You mean you were thinking of Bob as more of a folk thing and Elton as rock?
There was nobody bigger than Elton John in ’75 and ‘76. He was the biggest rock and roll star in the world, period. The first tour I did was Rock of the Westies. The second one I did was Louder Than Concorde.
It was painful for me to make that decision. It was very painful. Like I said, I would have had a solo on the Dylan thing, I would have met all those other people who came in. It would have been a completely different experience.
Being with Elton John, obviously, was also an adventure. We can't have any foresight into what the future holds, but Elton is still a dear friend of mine. We communicate regularly; he's very supportive of me both personally and professionally.
I was looking up which shows you did. I have you in Providence, Rhode Island for one and then in Toronto. How did you end up doing those?
I thought there was one more. I remember three but I don't remember what the third one was. I know I did Toronto, because I happened to be in Toronto recording with Elton at the same time they came. Elton actually came to that show too. In Providence, I was probably home at my parents’ in Massachusetts or my sister’s in Rhode Island when they came through. I just called up Neuwirth and he would invite me in.
I found these recordings and they're great. It’s a song, I don't know if this is the right title, called “Nowhere To Go”
The right title is “You Don't Know Me”, but they have it listed as “Nowhere To Go” because who knew it? It's just a song that I wrote back in LA. I was just beginning to write my own songs back then. I was young like everybody else, and I had written a bunch of songs, but that was the one that I played with T Bone and Steven.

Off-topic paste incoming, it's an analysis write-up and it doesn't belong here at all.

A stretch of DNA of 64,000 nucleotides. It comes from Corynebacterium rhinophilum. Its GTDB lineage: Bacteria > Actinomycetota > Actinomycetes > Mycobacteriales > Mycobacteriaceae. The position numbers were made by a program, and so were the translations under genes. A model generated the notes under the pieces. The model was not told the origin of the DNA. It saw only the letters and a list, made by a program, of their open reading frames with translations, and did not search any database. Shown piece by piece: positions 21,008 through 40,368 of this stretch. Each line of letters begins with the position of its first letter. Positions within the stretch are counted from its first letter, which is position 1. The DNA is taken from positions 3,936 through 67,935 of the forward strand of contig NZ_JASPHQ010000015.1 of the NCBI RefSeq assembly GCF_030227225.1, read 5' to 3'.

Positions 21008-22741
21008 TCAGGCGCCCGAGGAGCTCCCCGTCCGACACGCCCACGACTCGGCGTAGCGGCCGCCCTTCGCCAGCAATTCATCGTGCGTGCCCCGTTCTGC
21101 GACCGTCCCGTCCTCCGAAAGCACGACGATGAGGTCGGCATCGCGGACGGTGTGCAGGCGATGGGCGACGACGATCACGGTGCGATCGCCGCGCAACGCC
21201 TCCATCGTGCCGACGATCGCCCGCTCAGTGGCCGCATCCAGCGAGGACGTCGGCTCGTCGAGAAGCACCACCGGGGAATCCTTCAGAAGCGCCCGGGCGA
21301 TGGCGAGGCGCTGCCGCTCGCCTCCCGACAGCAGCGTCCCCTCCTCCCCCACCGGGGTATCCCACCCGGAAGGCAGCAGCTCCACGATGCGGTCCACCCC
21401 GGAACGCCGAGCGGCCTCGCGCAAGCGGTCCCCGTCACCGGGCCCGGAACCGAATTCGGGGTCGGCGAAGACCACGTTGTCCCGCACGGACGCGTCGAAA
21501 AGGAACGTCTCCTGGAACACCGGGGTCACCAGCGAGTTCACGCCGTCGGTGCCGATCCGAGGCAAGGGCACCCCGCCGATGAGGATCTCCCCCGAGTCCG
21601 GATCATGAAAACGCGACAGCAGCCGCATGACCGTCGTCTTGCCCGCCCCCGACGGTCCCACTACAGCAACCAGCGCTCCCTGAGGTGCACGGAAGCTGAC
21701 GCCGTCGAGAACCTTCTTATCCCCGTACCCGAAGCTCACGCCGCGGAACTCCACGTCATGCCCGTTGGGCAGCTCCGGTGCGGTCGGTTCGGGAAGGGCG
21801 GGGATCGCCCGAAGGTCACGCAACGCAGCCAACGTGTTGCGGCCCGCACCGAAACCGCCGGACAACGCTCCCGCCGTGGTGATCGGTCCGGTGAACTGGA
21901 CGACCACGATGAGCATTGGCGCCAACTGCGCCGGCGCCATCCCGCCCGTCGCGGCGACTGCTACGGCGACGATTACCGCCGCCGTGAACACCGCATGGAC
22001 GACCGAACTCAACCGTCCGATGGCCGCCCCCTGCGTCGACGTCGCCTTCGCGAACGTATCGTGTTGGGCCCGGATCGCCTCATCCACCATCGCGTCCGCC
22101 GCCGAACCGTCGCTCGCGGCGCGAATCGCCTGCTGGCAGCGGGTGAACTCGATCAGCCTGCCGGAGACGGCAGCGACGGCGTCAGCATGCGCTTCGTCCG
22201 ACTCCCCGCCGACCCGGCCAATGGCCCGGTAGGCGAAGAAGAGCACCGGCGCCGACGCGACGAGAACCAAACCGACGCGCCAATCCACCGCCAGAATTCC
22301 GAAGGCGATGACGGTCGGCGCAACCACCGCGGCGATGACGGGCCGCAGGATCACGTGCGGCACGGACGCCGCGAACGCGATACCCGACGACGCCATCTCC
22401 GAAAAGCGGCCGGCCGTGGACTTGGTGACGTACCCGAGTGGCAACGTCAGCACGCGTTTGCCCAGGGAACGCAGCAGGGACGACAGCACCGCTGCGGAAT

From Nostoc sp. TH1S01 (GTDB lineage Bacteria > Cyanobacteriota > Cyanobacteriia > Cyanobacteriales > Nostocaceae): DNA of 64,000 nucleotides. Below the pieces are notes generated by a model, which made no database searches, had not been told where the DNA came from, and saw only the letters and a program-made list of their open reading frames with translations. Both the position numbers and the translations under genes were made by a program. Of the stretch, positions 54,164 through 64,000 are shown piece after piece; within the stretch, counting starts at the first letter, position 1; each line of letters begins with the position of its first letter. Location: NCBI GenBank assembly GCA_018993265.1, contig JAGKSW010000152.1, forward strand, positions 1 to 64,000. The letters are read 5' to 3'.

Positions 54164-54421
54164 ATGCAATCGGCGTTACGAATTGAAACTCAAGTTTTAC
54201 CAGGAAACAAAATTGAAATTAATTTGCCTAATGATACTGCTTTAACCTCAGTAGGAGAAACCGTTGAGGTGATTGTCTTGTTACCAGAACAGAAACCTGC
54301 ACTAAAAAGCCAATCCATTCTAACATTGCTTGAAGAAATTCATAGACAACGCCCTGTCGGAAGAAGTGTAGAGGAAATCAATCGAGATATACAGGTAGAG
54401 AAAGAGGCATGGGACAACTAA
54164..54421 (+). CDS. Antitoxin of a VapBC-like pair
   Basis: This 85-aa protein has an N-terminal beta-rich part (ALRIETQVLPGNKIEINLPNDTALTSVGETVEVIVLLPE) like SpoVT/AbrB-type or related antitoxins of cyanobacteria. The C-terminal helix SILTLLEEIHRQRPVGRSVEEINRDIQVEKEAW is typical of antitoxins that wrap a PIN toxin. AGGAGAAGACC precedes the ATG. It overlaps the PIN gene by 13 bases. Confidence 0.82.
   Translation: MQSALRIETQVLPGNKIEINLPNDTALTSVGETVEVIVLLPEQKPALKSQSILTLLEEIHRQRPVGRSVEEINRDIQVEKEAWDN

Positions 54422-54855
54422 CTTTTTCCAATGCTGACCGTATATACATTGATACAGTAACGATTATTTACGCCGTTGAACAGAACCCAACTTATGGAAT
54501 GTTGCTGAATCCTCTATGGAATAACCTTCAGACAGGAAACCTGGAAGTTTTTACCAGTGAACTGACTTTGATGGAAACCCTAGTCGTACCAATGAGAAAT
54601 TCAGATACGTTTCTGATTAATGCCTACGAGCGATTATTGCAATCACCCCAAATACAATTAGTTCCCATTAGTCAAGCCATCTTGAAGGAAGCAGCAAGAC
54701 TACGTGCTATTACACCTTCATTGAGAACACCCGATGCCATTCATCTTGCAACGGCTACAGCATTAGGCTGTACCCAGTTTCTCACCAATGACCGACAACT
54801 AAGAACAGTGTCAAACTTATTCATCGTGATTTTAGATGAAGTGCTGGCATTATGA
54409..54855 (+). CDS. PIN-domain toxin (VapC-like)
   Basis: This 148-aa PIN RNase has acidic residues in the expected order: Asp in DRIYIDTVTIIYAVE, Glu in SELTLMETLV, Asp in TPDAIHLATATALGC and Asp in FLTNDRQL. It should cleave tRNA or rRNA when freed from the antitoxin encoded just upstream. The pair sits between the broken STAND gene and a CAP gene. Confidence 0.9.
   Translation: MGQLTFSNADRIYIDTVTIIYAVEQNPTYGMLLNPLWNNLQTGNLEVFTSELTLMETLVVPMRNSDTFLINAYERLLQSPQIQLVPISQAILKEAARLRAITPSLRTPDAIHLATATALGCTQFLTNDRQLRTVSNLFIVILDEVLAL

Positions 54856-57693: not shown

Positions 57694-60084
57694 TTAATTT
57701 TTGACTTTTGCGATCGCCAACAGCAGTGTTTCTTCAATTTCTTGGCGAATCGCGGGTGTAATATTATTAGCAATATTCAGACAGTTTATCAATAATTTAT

Back in LA, pre-Rolling Thunder, Bobby Neuwirth would have these soirees at the Sunset Marquis. Anybody who was in town [would go], whether it was Steve Goodman or Paul Butterfield or John Prine or Bonnie Raitt. Bobby would drag me around and he would make me play a song. I played that song and it stuck. T Bone and Steven sang backup on it at The Other End.
It was Neuwirth’s show. It really was. It was Bob Dylan's Rolling Thunder Revue, but it was Neuwirth who was the catalyst for the whole thing. He gathered people together who were like me, nobodies, young. He'd grab you by the hair and say, "Come on." I don't think Bobby Neuwirth has ever forgiven me for not going on the road. Not because I would have been that special in the Rolling Thunder Revue; there were 180 people. It's not like anybody missed me.
Did you ever end up recording “You Don't Know Me”?
I did not ever record it. Those are the only recordings. I heard one of them, at least. My voice is much better in those than it is on my albums.
This is one of the bones of contention that Neuwirth had with me; I went the rock and roll away and not the folk singer way. Bobby really did believe in me as a singer-songwriter. I, in my own soul, was a rock and roller. My first albums were of the more rock things.
I can't even listen to those songs today. The songs I wrote are good, but my singing is just not my natural voice. When first heard the Rolling Thunder recordings many years ago when they were bootlegged, I thought, "Oh, there's my natural voice."
Do you have any specific memories of the two or maybe three shows you did perform at?
I just have those snapshots. Obviously, being backstage in Toronto, and I brought Elton with me. Meeting Joni Mitchell who was an idol of mine. Just being backstage with all of those people feeling like a part of it, and of course playing in front of thousands of people.
Providence, I don't have as much of a recollection of except sitting on the bus, people just yakking away and feeling a part of it. That was the big thing for me. I sat one seat back from Allen Ginsberg! As I see footage of it or read about it in books, I feel like I really missed something special. [But] I didn’t miss my own experience of being on the road with Elton. That was also absolutely incredible. If there were only a way that they could have been a month apart, I could have done both. But I couldn't.